TUSCALOOSA, Ala. Even after three months of captivity, which included threats of ex*cution, physical torture, isolation and food deprivation, the road to freedom almost broke Alex Drueke, a US military veteran released last week with nine other prisoners who went to help Ukraine in the fight Russian invaders.
His hands were tied. His head was covered with a plastic bag, and the packing tape holding it was secured so tightly that there were stripes on his forehead. Drueke said he and American prisoner Andy Huynh reached their limit in this state during a transit that took place in a series of vehicles from eastern Ukraine to an airport in Russia that was surrounded by armed guards.
“After all we’ve been through and the number of times we thought we might die, we accepted that we might die, we were ready to die, when it came this ride was the only time each of us independently prayed for d*ath only to win it over, ”Drueke told The Associated Press in Friday’s interview.
“The mental and emotional torture of these last 24 hours of captivity was the worst,” he said.
Drueke, 40, is undergoing treatment: the swelling falls on his head and tries to regain some of the 13.6 kilograms he believes he has lost by eating a lean diet. However, terrible memories remain, and he is not sure what will happen next with the attempt to focus his attention on fellow prisoners who remain in Russian hands.
“The war is not over,” he said, speaking at a home he shares with his mother and other relatives in Tuscaloosa.
Drueke and HuynhThe 27-year-old military veteran from Alabama was one of hundreds of Americans who left for Ukraine early to help fight Russia.
On June 9, they were captured during what Drueke called a reconnaissance mission associated with the international legion of Ukraine, composed of foreign volunteers.
“Everyone else managed to get back to base safely,” he said.
Russian soldiers took the two men to their camp and then to Russia for “intense interrogation.” Refusing to go into details, Drueke said the treatment was brutal.
“Each of our human rights has been violated,” he said. “We were tortured.”
He said the men were taken back to Ukraine to a “black place” in Donetsk for almost a month of additional interrogation. Eventually, they were taken to solitary confinement in a former Ukrainian prison. There, Drueke and Huynh were forced to record propaganda statements for a Russian video camera with soldiers in the room.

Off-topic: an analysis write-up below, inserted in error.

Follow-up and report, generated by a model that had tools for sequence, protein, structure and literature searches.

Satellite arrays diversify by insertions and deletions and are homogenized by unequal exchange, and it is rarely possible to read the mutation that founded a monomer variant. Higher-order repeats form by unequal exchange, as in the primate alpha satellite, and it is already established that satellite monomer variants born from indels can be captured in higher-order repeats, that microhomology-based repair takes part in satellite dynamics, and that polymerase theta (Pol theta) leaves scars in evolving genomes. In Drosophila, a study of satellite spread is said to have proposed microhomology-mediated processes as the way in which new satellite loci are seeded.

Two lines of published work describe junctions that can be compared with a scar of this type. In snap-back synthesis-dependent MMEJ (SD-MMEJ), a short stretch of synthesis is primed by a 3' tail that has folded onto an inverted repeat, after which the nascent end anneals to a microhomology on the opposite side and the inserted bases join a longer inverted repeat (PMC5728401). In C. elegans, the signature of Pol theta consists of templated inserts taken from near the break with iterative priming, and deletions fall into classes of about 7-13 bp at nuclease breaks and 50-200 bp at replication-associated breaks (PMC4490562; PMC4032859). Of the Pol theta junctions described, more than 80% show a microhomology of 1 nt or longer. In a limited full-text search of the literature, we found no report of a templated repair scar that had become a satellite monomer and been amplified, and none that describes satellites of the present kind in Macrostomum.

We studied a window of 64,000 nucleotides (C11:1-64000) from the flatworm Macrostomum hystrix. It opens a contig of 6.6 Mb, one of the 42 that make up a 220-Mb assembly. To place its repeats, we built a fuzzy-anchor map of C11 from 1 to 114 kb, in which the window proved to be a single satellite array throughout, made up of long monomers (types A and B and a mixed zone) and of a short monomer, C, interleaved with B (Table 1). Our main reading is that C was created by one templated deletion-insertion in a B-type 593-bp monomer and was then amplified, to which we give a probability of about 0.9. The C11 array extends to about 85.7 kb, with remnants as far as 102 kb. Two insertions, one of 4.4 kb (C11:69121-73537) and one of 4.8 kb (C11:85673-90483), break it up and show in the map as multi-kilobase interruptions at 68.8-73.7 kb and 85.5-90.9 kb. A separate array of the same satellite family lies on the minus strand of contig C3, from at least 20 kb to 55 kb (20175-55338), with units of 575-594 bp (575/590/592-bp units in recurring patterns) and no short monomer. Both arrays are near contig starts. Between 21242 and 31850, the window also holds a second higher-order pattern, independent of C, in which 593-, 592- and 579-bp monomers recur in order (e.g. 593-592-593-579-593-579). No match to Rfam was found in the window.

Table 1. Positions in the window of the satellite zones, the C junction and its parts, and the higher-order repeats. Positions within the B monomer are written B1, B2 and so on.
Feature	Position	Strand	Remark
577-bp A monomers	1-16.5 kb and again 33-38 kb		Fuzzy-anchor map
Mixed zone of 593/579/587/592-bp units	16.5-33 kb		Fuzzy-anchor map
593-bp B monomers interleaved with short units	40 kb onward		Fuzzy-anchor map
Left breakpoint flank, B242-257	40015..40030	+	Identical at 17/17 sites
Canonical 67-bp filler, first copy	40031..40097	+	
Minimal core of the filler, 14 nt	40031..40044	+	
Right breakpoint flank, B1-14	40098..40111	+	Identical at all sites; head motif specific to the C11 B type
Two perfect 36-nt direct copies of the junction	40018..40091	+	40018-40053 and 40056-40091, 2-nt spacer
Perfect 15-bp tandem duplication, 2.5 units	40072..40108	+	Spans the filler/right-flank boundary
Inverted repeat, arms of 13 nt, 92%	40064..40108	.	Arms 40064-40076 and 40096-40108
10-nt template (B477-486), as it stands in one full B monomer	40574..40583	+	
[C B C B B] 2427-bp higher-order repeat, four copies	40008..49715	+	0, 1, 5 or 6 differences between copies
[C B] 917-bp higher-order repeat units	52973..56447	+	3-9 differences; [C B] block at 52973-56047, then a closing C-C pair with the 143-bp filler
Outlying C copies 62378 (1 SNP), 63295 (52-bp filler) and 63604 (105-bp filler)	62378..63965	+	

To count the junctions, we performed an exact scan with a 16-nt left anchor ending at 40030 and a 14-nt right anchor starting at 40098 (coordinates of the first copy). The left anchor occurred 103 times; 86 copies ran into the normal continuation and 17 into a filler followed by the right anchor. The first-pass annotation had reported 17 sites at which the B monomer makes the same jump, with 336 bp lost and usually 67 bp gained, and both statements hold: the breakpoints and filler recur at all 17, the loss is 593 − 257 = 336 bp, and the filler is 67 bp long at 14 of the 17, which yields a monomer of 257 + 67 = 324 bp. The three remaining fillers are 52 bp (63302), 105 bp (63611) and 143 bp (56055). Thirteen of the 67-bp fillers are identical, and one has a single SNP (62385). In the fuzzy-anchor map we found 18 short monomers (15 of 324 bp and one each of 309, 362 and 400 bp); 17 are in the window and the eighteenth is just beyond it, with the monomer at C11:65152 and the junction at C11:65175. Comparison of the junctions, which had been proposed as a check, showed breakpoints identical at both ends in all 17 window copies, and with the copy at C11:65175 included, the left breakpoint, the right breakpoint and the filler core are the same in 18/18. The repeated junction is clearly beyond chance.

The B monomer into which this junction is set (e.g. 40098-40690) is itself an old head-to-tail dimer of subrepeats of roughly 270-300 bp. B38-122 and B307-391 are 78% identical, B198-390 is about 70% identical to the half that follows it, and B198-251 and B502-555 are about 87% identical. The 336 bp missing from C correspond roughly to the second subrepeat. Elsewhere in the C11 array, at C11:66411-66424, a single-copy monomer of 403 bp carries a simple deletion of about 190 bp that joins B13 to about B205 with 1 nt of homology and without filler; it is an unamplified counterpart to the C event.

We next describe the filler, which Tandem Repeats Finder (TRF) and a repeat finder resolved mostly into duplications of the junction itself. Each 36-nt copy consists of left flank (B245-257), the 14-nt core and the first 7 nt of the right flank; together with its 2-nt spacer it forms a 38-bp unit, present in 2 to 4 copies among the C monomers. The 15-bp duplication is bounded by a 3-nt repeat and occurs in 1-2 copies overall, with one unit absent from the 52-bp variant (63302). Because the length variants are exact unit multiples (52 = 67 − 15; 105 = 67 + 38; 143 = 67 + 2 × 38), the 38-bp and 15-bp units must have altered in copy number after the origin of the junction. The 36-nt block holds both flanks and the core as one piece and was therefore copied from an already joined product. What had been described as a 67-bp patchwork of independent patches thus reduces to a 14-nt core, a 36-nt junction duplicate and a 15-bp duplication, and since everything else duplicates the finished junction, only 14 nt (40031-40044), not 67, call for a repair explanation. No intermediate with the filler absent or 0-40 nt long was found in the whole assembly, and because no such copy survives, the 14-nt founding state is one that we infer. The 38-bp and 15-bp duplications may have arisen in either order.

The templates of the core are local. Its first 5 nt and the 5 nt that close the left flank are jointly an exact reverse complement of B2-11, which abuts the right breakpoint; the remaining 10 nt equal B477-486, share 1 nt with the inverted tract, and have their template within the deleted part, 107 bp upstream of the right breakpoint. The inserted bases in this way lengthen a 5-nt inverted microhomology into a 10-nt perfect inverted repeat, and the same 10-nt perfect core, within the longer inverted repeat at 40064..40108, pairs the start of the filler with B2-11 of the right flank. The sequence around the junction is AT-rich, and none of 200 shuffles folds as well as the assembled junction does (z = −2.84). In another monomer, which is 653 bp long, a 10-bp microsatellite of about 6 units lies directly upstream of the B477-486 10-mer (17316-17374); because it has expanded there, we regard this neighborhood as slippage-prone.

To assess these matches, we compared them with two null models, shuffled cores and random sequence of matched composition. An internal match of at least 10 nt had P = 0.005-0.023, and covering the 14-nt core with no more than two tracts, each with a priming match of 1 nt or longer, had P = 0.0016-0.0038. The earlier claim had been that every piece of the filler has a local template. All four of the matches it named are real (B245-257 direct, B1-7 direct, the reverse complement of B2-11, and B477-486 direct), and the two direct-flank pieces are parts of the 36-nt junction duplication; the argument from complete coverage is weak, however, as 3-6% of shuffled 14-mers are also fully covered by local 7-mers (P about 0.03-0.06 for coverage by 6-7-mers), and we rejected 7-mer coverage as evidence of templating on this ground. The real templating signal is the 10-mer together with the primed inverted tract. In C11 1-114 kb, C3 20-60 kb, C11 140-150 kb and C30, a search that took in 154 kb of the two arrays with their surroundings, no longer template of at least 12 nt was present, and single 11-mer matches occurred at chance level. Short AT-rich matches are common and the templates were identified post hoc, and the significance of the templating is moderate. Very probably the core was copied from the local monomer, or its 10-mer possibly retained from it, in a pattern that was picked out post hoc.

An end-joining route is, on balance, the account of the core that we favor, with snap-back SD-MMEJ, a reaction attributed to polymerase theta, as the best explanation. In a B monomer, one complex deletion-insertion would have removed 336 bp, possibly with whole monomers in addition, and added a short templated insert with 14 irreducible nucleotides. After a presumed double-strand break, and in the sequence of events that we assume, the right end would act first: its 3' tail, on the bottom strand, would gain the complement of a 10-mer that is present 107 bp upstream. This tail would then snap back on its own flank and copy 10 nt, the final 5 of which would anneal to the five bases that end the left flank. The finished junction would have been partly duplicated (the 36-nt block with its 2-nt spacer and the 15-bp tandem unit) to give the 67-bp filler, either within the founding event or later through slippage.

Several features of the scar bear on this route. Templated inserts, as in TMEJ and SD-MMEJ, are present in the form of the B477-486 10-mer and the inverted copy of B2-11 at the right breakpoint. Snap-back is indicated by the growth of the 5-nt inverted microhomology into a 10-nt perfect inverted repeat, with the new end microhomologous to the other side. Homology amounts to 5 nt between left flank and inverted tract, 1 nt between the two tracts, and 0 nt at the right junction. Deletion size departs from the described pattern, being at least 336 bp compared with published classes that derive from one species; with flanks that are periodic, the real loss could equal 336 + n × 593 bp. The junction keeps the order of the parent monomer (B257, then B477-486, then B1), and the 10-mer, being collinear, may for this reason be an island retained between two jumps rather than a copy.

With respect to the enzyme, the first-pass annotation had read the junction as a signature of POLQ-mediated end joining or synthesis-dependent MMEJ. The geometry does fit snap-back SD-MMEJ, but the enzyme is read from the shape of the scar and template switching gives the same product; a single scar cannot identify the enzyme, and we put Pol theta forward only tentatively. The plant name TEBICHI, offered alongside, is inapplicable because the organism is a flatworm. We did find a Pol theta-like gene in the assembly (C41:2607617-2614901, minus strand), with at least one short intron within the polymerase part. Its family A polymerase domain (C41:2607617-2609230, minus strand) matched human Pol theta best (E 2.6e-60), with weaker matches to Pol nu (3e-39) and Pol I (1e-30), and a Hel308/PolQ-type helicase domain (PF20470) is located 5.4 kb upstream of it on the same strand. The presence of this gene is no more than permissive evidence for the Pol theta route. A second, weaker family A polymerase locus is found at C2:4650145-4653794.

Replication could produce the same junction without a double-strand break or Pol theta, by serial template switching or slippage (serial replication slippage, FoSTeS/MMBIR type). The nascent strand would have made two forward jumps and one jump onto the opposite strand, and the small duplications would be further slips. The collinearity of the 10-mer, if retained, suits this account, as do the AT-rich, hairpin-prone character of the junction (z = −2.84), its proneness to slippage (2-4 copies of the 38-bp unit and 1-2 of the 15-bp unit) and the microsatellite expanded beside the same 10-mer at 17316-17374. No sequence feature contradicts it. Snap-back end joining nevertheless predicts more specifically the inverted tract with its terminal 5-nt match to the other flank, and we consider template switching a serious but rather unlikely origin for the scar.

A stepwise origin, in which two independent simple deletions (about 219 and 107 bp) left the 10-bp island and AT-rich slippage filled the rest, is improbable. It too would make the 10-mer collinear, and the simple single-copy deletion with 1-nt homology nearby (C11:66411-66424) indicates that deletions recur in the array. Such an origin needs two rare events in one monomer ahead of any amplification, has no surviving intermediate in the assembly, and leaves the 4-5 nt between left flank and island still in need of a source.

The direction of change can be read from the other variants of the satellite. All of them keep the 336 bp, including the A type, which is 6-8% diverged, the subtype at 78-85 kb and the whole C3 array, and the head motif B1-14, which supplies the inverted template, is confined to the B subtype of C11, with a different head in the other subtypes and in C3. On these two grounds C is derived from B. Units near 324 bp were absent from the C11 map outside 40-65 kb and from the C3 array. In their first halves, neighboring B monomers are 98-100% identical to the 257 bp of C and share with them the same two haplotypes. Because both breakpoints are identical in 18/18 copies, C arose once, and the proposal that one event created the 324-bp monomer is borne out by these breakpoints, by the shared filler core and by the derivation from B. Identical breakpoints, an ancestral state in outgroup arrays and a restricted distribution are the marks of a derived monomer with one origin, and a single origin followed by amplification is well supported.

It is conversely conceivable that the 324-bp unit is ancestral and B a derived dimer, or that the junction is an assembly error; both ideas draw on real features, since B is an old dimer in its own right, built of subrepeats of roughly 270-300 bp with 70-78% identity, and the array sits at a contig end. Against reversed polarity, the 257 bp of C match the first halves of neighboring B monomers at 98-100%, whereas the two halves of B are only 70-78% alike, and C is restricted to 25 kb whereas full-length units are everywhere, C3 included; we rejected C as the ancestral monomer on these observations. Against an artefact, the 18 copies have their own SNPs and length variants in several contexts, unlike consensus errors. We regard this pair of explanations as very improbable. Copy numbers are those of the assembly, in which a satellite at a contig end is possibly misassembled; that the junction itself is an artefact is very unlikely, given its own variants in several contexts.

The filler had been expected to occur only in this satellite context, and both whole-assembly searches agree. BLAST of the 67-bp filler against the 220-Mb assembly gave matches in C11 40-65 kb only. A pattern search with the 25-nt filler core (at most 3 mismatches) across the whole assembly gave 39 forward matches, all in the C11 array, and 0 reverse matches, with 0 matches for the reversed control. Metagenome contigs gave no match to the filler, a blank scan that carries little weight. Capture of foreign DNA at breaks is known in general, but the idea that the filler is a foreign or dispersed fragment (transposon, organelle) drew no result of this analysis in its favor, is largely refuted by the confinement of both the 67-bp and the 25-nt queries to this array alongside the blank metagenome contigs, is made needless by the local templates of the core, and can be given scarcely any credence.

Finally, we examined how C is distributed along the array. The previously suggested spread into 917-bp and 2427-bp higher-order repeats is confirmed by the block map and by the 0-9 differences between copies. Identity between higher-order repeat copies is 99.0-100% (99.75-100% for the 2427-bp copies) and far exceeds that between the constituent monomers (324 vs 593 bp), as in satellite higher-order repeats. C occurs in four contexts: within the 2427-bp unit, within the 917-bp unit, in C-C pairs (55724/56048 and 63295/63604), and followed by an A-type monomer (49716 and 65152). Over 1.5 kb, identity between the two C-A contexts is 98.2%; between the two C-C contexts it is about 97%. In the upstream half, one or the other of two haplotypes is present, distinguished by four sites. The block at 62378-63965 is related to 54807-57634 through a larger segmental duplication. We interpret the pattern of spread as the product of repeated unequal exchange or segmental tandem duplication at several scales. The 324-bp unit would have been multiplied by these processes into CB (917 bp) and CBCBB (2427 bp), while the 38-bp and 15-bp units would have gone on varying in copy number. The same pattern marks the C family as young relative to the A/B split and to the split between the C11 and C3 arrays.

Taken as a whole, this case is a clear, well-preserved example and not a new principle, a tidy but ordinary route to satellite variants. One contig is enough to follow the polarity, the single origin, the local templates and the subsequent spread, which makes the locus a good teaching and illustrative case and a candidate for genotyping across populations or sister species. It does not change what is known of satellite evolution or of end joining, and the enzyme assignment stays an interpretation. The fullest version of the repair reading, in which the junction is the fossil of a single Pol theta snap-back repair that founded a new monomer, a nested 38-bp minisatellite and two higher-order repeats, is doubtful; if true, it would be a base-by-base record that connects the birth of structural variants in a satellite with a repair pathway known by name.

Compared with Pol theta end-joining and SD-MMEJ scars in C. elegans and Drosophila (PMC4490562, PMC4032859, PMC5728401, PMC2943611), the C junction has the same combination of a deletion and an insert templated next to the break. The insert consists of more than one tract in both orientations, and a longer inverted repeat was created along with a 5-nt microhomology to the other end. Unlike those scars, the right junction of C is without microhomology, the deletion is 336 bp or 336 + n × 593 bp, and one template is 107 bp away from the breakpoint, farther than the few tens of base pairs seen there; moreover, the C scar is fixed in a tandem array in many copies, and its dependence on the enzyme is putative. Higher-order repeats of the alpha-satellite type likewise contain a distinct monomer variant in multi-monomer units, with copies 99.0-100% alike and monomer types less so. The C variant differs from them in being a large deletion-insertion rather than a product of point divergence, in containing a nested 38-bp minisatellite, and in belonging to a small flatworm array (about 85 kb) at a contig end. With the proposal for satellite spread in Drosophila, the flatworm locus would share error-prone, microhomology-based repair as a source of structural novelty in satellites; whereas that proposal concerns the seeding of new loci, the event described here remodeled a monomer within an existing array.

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“On the positive side, there were times when they put us in the closet, tied up and blindfolded … when they waited for any reporter to show up, and that gave Andy and me only a few seconds to whisper things and check each other out,” he said. “It was the first time in weeks that we spoke at that point.”
Eventually, after weeks of solitary confinement, which involved many threats, it became clear that something – either release, transfer or ex*cution – was underway, said Drueke, who joined the US Army reserve after the 9/11 terror*st att*cks. 2001 and went on two tours in Iraq.
“We knew something was happening because our normal routine was warped and they were removing all our personal belongings from the cell,” he said.
But even then the mental torture continued, he said. “One of the guards said several times,” I’m pretty sure you will be executed, “he said.
Instead, they were part of a group of 10 men who were laid off on September 21 under a deal negotiated by Saudi Arabia. The others who were released with them came from Croatia, Morocco, Sweden and the United Kingdom.
No one relaxed until the plane was in the air and a Saudi official explained what was happening, he said. Landing in New York after flying from Saudi Arabia, Drueke said he and Huynh had met with a Homeland Security official from the war crimes investigation office.
Homeland Security press advisers did not immediately respond to the e-mail asking for comment, but UN human rights investigators said Ukrainian prisoners of war appeared to be at risk of “systematic” mistreatment by Russian torturers, including torture.
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